Food waste and its consequences have become such a hot topic in a variety of settings, including academia, politics, and government. Regardless of the topics discussed regarding food waste, the following key points should be kept in mind: 


  • It is a global issue (affecting everyone).

  • To address the issue, targets have been set both nationally and internationally.

  • Most (if not all) food waste statistics show that households are the most significant contributors to this phenomenon. 


If one does not examine the figures carefully, the importance of the issue may be underestimated.

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Global Food waste

  • Globally, approximately a third of all food produced for human consumption is lost or wasted (FAO, 2011). FAO's Food Loss Index (FLI) estimates that globally, around 14 percent of all food produced is lost from the post-harvest stage up to, but excluding, the retail stage (FAO, 2019).

  • According to the UNEP Food Waste Index 2021, around 931 million tonnes of food waste were generated in 2019 – 61% of which came from households, 26% from food service and 13% from retail – suggesting that 17% of global food production may be wasted at these stages of the food supply chain.

Target

The United Nations has been at the forefront of raising awareness about food waste. They've emphasized the problem as a global issue that poses a significant barrier to achieving suitability.  As a result, they have been leading the development of mechanisms to address the problem. One such mechanism is to establish a common goal to help address the issue on a global scale. This was accomplished through the UN's sustainable development goal 12.3, which states:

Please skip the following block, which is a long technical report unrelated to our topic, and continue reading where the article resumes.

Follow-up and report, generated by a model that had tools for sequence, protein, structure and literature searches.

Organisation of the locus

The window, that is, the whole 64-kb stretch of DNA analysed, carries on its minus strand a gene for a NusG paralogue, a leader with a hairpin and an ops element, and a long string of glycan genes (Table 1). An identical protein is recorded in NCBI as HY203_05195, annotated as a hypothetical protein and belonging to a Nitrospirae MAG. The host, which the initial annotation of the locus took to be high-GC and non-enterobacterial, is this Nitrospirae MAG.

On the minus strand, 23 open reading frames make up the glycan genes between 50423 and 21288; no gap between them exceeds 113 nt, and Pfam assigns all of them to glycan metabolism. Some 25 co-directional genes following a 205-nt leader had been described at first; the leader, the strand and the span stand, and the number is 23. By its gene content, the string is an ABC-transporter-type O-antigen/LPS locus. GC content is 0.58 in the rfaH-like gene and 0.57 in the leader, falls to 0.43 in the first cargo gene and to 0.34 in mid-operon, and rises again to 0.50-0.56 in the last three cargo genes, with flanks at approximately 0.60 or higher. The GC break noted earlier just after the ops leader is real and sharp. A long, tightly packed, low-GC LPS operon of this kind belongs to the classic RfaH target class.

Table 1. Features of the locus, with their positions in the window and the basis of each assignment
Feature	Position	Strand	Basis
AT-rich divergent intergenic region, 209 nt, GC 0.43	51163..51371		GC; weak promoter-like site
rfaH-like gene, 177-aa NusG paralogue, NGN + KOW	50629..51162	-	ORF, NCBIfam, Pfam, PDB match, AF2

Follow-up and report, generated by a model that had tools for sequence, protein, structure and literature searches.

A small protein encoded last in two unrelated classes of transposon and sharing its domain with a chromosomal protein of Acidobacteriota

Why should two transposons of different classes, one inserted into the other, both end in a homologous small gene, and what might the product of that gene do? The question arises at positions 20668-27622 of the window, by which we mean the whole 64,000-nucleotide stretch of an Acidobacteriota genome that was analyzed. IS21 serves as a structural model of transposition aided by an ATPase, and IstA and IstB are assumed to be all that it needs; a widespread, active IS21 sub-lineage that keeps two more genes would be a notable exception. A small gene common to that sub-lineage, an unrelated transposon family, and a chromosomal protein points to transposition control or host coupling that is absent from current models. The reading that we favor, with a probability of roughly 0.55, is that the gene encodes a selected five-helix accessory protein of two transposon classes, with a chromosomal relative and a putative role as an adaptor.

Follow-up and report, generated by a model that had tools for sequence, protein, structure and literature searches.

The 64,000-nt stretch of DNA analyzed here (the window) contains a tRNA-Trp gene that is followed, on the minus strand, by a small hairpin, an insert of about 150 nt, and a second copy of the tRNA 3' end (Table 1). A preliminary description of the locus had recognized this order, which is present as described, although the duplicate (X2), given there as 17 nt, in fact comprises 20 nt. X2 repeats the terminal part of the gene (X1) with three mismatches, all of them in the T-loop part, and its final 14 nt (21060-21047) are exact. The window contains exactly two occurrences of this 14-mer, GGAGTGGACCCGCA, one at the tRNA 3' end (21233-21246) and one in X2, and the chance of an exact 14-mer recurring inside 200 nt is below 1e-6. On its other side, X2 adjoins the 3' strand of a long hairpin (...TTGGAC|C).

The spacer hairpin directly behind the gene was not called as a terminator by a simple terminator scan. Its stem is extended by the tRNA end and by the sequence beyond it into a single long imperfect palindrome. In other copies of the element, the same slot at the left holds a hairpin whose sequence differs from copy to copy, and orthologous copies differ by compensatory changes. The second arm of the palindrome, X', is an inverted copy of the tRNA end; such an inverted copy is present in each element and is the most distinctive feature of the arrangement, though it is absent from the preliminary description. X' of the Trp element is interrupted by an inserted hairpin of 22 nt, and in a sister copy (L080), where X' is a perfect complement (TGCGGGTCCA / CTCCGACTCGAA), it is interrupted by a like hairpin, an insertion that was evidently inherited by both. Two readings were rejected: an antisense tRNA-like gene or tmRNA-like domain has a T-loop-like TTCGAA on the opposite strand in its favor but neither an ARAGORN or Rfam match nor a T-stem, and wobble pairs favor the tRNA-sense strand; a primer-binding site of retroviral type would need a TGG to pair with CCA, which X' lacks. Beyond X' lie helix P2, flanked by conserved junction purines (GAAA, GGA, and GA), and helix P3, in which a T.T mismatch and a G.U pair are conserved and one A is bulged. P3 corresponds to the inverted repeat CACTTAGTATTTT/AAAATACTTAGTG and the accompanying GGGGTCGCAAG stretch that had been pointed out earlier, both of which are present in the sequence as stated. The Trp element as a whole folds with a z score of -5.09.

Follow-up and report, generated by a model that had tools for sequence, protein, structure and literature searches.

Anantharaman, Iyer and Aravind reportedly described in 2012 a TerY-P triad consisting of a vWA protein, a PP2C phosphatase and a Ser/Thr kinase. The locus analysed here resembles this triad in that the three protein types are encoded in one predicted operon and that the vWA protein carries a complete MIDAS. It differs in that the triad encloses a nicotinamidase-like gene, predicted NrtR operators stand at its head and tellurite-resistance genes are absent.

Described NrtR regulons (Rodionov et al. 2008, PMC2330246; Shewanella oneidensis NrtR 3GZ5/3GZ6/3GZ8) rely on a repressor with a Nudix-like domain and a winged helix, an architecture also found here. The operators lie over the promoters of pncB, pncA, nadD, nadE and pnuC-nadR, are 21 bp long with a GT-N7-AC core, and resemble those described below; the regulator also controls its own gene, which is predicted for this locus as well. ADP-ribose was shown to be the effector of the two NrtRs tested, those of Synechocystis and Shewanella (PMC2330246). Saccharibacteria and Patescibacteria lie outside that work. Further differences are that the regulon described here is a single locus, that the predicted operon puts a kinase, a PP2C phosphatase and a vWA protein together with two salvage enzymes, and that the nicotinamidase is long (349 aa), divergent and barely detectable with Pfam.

• By 2030, halve per capita global food waste at the retail and consumer levels and reduce food losses along production and supply chains, including post-harvest losses

As a result of the UN's global target and mass awareness campaigns, multiple countries have adopted it and established region/country-specific targets and mechanisms to address the issue. This is the case for the entire European Union and the United States.

Food waste in the European Union (EU)

According to the European Commission


  • In the EU, over 58 million tonnes of food waste (131 kg/inhabitant) are generated annually (Eurostat, 2023), with an associated market value estimated at 132 billion euros (SWD (2023)421)".

  • Eurostat roughly estimates that around 10% of food made available to EU consumers (at retail, food services and households) may be wasted. At the same time, over 37 million people cannot afford a quality meal every second day (Eurostat, 2023)".

  • Households generate more than half of the total food waste (54%) in the EU with 70% of food waste arising at household, food service and retail (Eurostat, 2023). Wasting food is not only an ethical and economic issue but it also depletes the environment of limited natural resources



Food waste in EU, Trash can, transparent background 1

Targets